Evergy wants approval to promote electric vehicles in Kansas: 'Transportation electrification is happening now'
Government utility regulators are considering whether to approve an Evergy plan to promote electric vehicles in Kansas. Concerns remain, however, over the potential for a lack of competition and customer subsidies for clean energy.
"Transportation electrification is happening now, and it’s going to increase dramatically over the next few years," said Glenda Cafer, a representative for Evergy, "and the utility company needs to be involved in that process to best manage the grid and educate customers as that growth occurs."
Evergy needs approval from the Kansas Corporation Commission, which held about 11 hours of evidentiary hearings with the utility company and interested groups this week.
Post-hearing briefs will be filed over the next two months, and the commission is scheduled to issue an order in December.
Evergy filed its 146-page application in February for the proposed transportation electrification portfolio, which includes rebate programs, charging service rates, consumer education, administration budgeting and tracking of program costs.
The plan is "a small controlled step in the direction that we believe Kansas and Evergy needs to go," Cafer said.
That position has proven controversial.
While Gov. Laura Kelly's administration has backed the proposal, some organizations question whether a public utility should be stimulating demand for electric vehicles — and the electricity the company sells.
Expansion of electric vehicle use could help reduce greenhouse gas emissions from gas and diesel vehicles.
Evergy is asking KCC to approve a partial settlement agreement that would resolve many of the issues. The Citizens' Utility Ratepayer Board and KCC staff have signed onto the proposed settlement.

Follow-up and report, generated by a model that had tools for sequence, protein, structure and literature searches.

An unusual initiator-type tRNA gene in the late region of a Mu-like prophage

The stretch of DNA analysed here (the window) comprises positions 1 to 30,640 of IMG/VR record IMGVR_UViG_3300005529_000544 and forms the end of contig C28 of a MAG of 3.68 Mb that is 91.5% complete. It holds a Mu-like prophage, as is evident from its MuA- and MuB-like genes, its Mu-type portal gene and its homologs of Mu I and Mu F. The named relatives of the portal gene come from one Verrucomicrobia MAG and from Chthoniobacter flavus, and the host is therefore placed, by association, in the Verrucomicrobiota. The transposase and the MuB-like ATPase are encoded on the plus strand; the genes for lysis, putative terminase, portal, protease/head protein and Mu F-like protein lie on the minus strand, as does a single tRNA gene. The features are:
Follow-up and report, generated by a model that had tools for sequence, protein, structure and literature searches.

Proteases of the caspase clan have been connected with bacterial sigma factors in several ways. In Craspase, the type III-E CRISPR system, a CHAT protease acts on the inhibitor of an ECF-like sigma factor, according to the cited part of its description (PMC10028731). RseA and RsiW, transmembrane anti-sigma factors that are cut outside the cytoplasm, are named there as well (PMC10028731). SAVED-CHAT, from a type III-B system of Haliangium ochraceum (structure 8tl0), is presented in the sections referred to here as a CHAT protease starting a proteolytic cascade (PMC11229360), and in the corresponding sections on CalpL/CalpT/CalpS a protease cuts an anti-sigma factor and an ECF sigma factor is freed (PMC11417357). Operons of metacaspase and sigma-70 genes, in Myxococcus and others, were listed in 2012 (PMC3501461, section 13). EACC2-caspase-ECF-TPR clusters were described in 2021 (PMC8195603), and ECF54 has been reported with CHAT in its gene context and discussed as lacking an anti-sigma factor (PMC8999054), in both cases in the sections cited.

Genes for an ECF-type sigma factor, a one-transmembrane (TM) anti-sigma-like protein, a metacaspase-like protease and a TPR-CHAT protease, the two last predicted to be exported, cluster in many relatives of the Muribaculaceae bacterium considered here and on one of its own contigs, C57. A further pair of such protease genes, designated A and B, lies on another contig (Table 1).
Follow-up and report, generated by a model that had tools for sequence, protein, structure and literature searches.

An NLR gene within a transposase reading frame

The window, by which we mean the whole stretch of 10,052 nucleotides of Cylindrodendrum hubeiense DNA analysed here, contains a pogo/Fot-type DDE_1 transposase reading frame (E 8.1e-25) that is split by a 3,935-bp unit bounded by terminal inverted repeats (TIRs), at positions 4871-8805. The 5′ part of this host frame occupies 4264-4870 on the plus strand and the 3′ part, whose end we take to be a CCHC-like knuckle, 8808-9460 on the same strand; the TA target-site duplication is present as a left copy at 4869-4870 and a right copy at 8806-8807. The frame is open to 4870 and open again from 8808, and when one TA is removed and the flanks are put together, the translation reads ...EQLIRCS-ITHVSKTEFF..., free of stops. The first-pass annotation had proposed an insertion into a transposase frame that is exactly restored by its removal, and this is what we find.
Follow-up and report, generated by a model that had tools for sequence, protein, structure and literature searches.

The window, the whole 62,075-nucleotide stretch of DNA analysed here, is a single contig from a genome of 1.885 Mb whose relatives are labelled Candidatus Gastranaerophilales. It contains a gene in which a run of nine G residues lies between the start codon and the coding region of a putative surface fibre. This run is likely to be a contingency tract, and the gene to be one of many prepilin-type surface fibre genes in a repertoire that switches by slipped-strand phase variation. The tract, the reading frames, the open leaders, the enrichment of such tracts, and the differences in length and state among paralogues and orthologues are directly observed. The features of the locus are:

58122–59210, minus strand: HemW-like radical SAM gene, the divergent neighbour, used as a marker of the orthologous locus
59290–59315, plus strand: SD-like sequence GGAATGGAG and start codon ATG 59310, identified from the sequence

Also involved are the National Resource and Defense Counsel, ChargePoint and American Fuel & Petrochemical Manufacturers, who didn't sign onto the agreement.
What's in Evergy's Transportation Electrification Portfolio?
Evergy would offer rebates of $250 or $500 as an incentive for homeowners to install Level 2 charging, which use 240-volt outlets to charge vehicles much quicker than traditional 120-volt outlets.
Additional rebates would be available for developers who install such chargers when constructing new homes, as well as rebates for commercial charging infrastructure by third parties.
Rates would be designed to encourage off-peak charging for fleets and commercial vehicles, such as city buses.
Under the settlement agreement, Evergy would get a $10 million budget for its commercial charger rebates, with $1.6 million targeted to underserved areas. Evergy could seek a budget increase of up to $15.4 million.
The agreement didn't explicitly state what the budget would be for residential customer and developer rebates. The original application called for about $1.7 million for those programs.
Evergy would also get a $2.3 million budget for marketing, customer education and program administration.
Evergy would commit to a third-party evaluation, measurement and verification analysis of charging behaviors and assess the effectiveness of the company's program. There would be annual reporting requirements.
Not settled as part of the negotiations was Evergy's plan to expand its Clean Charge Network. The CCN is a collection of hundreds of electric vehicle charging stations owned and operated by Evergy, primarily in the Kansas City metro area.
The company wants to spend $13.5 million on expanding the network with 102 new sites. The new locations would be primarily outside the metro area as part of an equity commitment to "filling gaps in the market and serving underserved communities."
The plan would more than quadruple the number of charging stations in Evergy's central Kansas region. The area had just 29 of the network's stations when the application was filed, and the CCN expansion would add 99 more.
Evergy is asking the commission to find that its Clean Charge Network expansion is "prudent from a decisional perspective."
Evergy claims its Clean Charge Network, consisting of more than 1,000 electric vehicle charging stations, makes the Kansas City area the nation's "electric vehicle infrastructure leader."
Evergy's application claims the five-year plan's benefits would include "lower costs, greater grid flexibility, reduced emissions, and a variety of local economic benefits"
The company's move is a "proactive response" to major automakers moving toward electric vehicles while promoting "grid-friendly integration" through incentives and education.
Why are some groups opposed to Evergy plan?
Representing the American Fuel & Petrochemical Manufacturers, Jennifer Griffin said her clients are both customers and competitors of Evergy.
She pointed to a prior KCC decision in 2016, where commissioners denied a similar proposal from Evergy predecessor Kansas City Power and Light Co. to build electric vehicle charging stations in Kansas.